Introversion vs. Shyness: Understanding the Differences

Are You Shy or Introverted? 

 

Introversion and shyness might seem similar on the surface, and while they do share some similarities, they’re very different things. For starters, not all introverts are shy. Similarly, shy people can be introverted, extroverted or a combination of both.

 

According to Louis A. Schmidt, director of the Child Emotion Laboratory at McMaster University in Ontario, Canada, "Though in popular media they're often viewed as the same, we know in the scientific community that, conceptually or empirically, they're unrelated.”

 

If you’ve ever thought of yourself as shy or introverted, or would like to better understand how to support others in your life, continue reading to learn more about the key differences. 

 

What is shyness?

 

People who are shy can be introverted, but the two aren’t mutually exclusive. The American Psychological Association defines shyness as, “... the tendency to feel awkward, worried or tense during social encounters, especially with unfamiliar people. Severely shy people may have physical symptoms like blushing, sweating, a pounding heart or upset stomach; negative feelings about themselves; worries about how others view them; and a tendency to withdraw from social interactions.”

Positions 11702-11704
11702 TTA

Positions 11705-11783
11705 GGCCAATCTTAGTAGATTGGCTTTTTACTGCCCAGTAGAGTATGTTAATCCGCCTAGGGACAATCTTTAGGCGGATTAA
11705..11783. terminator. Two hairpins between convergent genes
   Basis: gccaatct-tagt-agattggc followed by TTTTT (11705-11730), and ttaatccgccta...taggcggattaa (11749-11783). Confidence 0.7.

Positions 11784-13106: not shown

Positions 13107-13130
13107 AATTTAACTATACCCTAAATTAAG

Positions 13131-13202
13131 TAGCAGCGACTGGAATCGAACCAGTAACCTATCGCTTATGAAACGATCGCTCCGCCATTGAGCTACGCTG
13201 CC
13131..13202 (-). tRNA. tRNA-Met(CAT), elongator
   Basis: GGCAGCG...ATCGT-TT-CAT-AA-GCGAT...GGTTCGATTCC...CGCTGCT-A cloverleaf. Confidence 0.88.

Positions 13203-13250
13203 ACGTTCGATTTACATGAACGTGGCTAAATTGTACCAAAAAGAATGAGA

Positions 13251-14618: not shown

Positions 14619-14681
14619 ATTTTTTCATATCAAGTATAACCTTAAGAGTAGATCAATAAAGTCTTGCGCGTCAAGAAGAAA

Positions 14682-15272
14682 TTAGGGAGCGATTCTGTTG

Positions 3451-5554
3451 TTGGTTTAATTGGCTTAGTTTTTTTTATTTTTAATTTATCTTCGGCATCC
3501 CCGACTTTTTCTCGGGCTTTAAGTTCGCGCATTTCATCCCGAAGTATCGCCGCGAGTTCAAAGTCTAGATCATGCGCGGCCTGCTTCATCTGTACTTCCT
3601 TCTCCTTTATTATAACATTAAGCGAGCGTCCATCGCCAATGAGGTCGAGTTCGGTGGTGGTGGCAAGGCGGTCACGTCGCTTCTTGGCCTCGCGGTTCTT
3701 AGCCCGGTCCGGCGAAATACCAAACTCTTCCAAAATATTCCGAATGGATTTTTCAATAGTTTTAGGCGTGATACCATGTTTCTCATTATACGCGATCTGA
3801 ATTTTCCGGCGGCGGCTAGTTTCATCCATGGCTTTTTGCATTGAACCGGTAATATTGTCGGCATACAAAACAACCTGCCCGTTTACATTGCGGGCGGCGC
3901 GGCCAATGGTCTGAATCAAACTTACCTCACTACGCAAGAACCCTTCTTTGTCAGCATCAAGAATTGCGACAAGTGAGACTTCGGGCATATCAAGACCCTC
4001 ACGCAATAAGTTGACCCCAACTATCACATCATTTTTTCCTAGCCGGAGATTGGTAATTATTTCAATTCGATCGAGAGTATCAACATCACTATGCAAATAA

The vast majority of people will feel shy at some point during their lives, regardless of whether they are introverted or extroverted. 

 

What is an introvert?

 

When someone is an introvert, they become emotionally drained after spending time with other people. The amount of time introverts can spend with others before feeling drained varies, but they tend to enjoy alone time and will feel “recharged” after spending time with themselves.

 

So, an introvert might decline a party invite because they’d rather dig into a good book at home. A shy person would decline the invitation because of (sometimes crippling) anxiety about socializing with other people. 

 

How to overcome introversion and shyness

 

First, recognize that introversion isn’t a psychological disorder that requires fixing. Introverts might struggle with certain social situations (like networking), but they don’t typically fear interacting with other people. If you are an introvert who fully understands how it impacts your energy and mood, you can maintain good relationships in your personal and professional life. 

 

Shyness, on the other hand, can be more damaging. Relationships fulfill essential human needs like connection and belonging. We all crave deep bonds with others, regardless of introversion, extroversion, shyness or any other label. If shyness prevents you from forming meaningful relationships, it’s time for a change.

 

Fortunately, overcoming shyness is doable. If shyness has become a limiting factor that prevents you from living your best and most fulfilling life, there are things you can do to increase your comfort during social encounters. To get started, be sure to read this helpful article: Overcoming Shyness: Forming Relationships Even if You Feel Shy